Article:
"I think solidarity [with Ukraine] and the humanitarian aspect were not so relevant among Fidesz voters," Urban said, "and it's not because the Fidesz voters have no feelings or they accept the torture or killing of civilians, but rather because they [think the war is] at least partly the fault of the Ukrainian people and Russia's step is somehow understandable because NATO is approaching its borders."
That perspective flows easily, she said, into a "comfortable" message of "support for peace" irrespective of which side it might benefit in the longer term. "But I don't think they are in a very perfect bubble," Urban said.
She cited recent signs of a wrinkle in the Fidesz narrative when Hungarian President Katalin Novak, a staunch Orban ally whose ascendancy was achieved implementing some of Fidesz's most socially conservative reforms as family minister, traveled to Kyiv in November.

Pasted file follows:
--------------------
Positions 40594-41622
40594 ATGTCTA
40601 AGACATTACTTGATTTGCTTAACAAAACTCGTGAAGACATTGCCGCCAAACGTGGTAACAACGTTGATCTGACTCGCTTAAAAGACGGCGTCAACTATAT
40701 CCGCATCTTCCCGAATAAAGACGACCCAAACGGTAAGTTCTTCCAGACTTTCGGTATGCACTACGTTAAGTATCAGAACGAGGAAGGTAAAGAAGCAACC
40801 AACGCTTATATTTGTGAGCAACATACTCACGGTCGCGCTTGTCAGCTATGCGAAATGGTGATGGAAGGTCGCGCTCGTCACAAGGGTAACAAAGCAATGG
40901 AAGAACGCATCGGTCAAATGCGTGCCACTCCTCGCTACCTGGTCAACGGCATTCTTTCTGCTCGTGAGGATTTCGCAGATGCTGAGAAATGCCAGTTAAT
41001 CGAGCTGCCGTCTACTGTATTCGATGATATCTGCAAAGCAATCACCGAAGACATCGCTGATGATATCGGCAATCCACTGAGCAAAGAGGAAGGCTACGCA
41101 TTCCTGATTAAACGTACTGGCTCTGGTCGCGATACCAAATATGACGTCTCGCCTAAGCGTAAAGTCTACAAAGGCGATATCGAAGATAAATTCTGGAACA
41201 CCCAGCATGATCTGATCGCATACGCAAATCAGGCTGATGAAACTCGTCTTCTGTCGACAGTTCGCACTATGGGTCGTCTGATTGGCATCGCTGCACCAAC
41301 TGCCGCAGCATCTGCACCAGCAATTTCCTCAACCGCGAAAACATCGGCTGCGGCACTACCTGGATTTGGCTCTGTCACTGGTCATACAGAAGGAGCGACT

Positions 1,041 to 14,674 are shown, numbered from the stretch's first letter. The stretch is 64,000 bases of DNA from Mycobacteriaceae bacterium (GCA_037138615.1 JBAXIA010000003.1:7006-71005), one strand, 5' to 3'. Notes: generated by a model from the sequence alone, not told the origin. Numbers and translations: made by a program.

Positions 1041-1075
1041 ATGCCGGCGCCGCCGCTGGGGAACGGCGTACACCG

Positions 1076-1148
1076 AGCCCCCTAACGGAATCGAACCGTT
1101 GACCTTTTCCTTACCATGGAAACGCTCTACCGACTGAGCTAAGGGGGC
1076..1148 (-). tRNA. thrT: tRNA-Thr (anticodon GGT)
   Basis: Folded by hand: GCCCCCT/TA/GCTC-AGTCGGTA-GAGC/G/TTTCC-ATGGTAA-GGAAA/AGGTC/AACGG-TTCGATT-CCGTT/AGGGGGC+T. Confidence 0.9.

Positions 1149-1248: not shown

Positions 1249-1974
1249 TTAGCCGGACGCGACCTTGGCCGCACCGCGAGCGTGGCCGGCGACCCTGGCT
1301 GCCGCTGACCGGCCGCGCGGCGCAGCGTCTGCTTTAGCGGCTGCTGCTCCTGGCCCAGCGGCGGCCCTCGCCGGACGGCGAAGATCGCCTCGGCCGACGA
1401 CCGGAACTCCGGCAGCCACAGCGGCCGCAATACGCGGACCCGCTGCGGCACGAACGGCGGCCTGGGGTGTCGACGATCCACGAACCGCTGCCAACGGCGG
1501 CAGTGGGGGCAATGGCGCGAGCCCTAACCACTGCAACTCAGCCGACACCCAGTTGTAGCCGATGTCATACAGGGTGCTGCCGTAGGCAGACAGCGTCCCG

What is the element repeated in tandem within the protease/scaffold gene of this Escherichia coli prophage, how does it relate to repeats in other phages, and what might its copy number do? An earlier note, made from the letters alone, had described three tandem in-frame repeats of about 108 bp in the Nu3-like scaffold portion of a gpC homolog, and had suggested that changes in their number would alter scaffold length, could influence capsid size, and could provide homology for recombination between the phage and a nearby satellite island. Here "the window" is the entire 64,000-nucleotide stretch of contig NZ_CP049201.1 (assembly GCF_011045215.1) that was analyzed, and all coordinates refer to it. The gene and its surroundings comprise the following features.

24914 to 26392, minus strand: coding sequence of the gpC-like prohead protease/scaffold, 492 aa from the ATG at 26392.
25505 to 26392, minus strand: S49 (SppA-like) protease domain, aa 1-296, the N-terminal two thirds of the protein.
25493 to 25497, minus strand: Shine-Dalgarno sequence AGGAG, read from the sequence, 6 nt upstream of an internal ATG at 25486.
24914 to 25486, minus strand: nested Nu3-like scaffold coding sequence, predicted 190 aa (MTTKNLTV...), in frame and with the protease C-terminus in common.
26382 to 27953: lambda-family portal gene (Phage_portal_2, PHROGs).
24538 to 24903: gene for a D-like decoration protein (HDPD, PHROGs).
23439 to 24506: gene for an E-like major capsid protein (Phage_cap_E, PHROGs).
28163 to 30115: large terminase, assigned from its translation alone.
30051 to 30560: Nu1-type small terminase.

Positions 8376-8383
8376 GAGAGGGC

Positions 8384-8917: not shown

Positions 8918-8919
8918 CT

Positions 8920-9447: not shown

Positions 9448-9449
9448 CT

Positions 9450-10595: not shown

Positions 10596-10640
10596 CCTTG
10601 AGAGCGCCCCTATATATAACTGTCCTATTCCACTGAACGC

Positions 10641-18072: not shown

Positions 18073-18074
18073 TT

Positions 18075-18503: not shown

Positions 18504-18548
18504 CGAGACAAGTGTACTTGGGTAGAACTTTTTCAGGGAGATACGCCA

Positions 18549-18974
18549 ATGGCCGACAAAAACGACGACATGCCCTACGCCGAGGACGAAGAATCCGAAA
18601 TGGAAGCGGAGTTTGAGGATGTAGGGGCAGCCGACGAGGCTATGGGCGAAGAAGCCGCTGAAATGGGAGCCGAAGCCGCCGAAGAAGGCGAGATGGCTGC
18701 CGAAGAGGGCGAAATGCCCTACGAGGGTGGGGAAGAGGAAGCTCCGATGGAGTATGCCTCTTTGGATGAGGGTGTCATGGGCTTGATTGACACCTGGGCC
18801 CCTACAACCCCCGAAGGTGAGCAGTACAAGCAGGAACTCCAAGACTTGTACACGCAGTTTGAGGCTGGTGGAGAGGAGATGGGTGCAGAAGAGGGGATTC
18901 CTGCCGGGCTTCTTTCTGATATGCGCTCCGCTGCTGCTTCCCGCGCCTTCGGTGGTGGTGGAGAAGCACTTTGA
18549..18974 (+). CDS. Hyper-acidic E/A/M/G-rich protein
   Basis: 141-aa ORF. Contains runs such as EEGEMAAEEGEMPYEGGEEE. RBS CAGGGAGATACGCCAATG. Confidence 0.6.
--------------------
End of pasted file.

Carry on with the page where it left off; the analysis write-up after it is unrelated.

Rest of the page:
Novak met with Zelenskiy, risking backlash by being seen to lend Hungarian support to a frequent target of Orban's ire. Her office played up the trip as a mission to support ethnic Hungarians in Ukrainian Transcarpathia and work out technical aspects of humanitarian shipments.
But comments on Novak's official Facebook page revealed a minor rift among Fidesz supporters. Some accused the president of betraying the government line on the war, while others dismissed the trip as a potential misstep but one clearly guided by humanitarian interests and particularly concern for the Transcarpathian ethnic Hungarians in Ukraine.
Urban noted that independent news portals seized on the spat and mostly regarded it cynically as a "good guy, bad guy" tactic in which Novak might be appearing more pro-Ukrainian or pro-Western to relieve some of the domestic and international pressure on Orban's government.
She suggested that "to be the 'good cop' is always somehow more acceptable for the woman, even in the Fidesz bubble."
"But on the other hand, of course, the government follows more pro-Russian foreign politics," she said.